Gov’t urges public to avoid riparian land encroachment to prevent disasters

The National Government has issued a warning to the public to avoid encroaching on riparian land as a measure to prevent climate change-related calamities.

This call comes amid heightened efforts for environmental conservation, following heavy rains and floods that recently disrupted the country.

The transport and education sectors were particularly affected, with some road connections severed and school reopenings delayed due to the floods.

During a county tree planting evaluation committee meeting in Kitale, Trans Nzoia County Commissioner Gideon Oyagi emphasized the importance of environmental conservation.

He stated that if encroachment on riparian land had been prevented, the number of flood-related deaths could have been reduced.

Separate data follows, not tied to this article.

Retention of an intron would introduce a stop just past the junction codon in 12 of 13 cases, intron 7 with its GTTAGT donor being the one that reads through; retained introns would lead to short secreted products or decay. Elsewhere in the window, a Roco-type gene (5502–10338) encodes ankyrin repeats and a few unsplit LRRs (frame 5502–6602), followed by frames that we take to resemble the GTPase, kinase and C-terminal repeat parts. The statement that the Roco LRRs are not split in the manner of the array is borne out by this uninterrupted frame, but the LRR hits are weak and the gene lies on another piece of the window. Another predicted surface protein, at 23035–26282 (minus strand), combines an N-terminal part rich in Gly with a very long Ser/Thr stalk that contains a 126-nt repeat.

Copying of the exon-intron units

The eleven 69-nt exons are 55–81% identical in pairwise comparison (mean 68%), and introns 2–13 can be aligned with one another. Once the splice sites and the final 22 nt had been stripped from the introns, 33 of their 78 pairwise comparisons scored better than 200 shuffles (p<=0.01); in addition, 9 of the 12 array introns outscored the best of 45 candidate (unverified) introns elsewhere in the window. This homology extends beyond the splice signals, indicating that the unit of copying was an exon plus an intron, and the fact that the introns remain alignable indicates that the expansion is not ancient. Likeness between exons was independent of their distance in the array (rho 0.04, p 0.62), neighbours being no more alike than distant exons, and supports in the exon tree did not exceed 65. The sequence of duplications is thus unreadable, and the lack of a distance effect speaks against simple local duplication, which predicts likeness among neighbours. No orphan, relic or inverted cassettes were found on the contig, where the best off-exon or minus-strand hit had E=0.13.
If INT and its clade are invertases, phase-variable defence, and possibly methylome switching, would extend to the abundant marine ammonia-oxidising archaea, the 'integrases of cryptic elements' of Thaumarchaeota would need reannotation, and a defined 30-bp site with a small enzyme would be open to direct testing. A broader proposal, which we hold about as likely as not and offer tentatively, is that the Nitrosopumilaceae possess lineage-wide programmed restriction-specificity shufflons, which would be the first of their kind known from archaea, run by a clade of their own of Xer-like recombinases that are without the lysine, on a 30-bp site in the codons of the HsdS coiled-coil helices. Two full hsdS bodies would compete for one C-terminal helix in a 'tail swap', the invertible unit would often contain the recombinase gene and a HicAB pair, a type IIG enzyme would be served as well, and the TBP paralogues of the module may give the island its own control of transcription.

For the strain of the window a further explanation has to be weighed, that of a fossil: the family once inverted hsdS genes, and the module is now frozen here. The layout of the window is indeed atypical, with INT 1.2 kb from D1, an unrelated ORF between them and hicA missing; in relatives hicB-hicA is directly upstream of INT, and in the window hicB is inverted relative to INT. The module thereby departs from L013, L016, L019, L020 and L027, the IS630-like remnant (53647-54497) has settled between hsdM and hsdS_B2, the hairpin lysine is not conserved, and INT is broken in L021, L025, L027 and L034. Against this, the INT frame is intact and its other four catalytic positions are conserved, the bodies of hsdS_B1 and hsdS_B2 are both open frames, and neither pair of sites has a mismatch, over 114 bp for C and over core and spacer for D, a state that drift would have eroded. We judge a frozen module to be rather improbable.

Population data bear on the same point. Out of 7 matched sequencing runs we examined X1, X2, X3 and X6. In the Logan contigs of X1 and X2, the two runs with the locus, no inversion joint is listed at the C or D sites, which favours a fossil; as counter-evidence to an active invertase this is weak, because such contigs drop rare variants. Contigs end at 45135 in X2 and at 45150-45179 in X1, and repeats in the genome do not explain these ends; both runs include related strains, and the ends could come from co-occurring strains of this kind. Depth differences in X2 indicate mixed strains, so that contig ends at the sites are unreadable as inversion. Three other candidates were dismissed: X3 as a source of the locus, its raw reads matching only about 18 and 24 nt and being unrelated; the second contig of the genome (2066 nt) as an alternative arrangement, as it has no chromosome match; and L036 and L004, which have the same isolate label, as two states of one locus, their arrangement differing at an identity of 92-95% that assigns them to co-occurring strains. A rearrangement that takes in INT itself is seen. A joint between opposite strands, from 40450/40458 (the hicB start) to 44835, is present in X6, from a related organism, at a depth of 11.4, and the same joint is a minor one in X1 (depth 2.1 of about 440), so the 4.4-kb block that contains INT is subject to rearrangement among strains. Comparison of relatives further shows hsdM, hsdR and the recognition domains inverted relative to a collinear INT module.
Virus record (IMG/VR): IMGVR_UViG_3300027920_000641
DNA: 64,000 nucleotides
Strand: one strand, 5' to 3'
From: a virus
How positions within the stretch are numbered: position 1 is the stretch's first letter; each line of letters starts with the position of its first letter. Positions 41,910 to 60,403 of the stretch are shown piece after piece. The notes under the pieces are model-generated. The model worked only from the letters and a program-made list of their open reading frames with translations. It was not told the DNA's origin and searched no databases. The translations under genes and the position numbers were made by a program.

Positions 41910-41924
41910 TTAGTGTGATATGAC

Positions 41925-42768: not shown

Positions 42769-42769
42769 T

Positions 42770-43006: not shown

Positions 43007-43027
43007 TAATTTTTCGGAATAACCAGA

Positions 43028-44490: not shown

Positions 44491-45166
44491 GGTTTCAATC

Oyagi highlighted the need for Kenyans to take environmental conservation seriously and praised efforts to increase forest cover.

He urged stakeholders and the public to fully implement government environmental policies for the benefit of future generations.

“Times and calamities have taught us to behave differently, but we rarely listen. Negligence of existing laws and policies by some custodians and a section of the public has proved to be our major setback. If infringement on riparian land had been avoided, the number of deaths we have recorded because of floods would be less,” Oyagi said.

In Trans Nzoia County, three flood-related deaths were recorded after River Sabwani in Kwanza Sub County broke its banks.

Oyagi commended stakeholders’ efforts to achieve the County’s annual tree planting target of 11.9 million trees.

He stressed the importance of nurturing the already planted trees, noting that more than 3.5 million trees have been planted since President William Ruto launched the afforestation initiative last year.

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